Pope Should Change Catholic Church’s Opposition to Condom Use To Prevent Spread of HIV/AIDS, Opinion Piece Says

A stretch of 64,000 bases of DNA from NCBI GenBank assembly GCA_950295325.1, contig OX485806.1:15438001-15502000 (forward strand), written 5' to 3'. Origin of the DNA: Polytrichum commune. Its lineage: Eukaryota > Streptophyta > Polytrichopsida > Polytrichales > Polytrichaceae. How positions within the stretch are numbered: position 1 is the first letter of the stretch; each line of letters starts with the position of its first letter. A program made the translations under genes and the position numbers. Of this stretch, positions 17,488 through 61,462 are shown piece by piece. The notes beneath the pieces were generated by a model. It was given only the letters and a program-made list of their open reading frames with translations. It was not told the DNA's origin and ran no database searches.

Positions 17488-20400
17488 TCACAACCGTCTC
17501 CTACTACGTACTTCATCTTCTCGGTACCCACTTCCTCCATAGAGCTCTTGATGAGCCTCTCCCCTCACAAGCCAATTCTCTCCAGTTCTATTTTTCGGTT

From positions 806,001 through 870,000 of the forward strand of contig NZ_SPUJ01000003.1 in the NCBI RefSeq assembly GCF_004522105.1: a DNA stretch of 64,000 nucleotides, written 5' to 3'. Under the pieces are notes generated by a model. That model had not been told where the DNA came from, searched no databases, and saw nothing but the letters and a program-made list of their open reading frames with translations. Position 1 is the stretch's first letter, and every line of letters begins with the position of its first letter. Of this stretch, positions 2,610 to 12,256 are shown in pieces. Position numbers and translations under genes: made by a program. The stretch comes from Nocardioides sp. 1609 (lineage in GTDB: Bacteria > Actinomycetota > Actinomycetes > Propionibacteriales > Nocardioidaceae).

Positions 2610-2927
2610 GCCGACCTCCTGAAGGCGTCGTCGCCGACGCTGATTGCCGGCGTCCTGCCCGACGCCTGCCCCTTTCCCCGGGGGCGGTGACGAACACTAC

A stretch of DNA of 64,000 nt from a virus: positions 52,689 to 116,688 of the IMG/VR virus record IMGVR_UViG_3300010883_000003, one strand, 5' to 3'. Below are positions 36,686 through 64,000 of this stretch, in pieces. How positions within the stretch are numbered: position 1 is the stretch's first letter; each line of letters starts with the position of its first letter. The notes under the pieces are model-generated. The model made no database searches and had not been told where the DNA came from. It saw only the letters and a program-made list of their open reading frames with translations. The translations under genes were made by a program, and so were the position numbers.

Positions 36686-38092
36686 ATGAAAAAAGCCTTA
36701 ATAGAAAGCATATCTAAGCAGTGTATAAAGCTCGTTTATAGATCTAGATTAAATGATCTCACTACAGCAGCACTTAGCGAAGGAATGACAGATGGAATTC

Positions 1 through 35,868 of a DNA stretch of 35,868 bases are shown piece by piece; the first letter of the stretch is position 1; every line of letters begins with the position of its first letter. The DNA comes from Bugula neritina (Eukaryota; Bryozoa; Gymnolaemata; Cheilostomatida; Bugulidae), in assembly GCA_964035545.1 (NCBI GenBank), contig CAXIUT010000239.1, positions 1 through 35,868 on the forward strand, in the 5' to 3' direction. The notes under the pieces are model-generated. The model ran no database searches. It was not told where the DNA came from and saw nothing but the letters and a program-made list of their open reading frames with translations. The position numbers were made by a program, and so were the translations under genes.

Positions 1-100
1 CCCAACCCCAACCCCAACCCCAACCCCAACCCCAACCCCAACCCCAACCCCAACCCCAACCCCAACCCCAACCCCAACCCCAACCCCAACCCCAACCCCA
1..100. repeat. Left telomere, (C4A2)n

Although "[n]obody does nobler work throughout the developing world than the Catholic Church," the church's "hostility" toward condom use "is creating more AIDS orphans every day," New York Times columnist Nicholas Kristof writes in a Times opinion piece. The countries that have been "most successful" in curbing the spread of HIV -- including Thailand, Brazil, Uganda and Cambodia -- "have all relied in part on condoms to reduce transmission," Kristof says. However, the Catholic Church has "horribly undercut the war against AIDS" by attempting "to prevent Catholic clinics, charities and churches from giving out condoms or encouraging their use," as well as "argu[ing] loudly that condoms don't protect against HIV, thus discouraging their use," Kristof writes. If Pope Benedict XVI "wants to ease human suffering," he should encourage condom use as means of preventing the spread of HIV, which "would save vast numbers of lives," Kristof says, concluding, "That choice between obeying tradition and saving lives is stark, and let's all pray he'll make the courageous choice" (Kristof, New York Times, 5/8).This is part of the KHN Morning Briefing, a summary of health policy coverage from major news organizations. Sign up for an email subscription.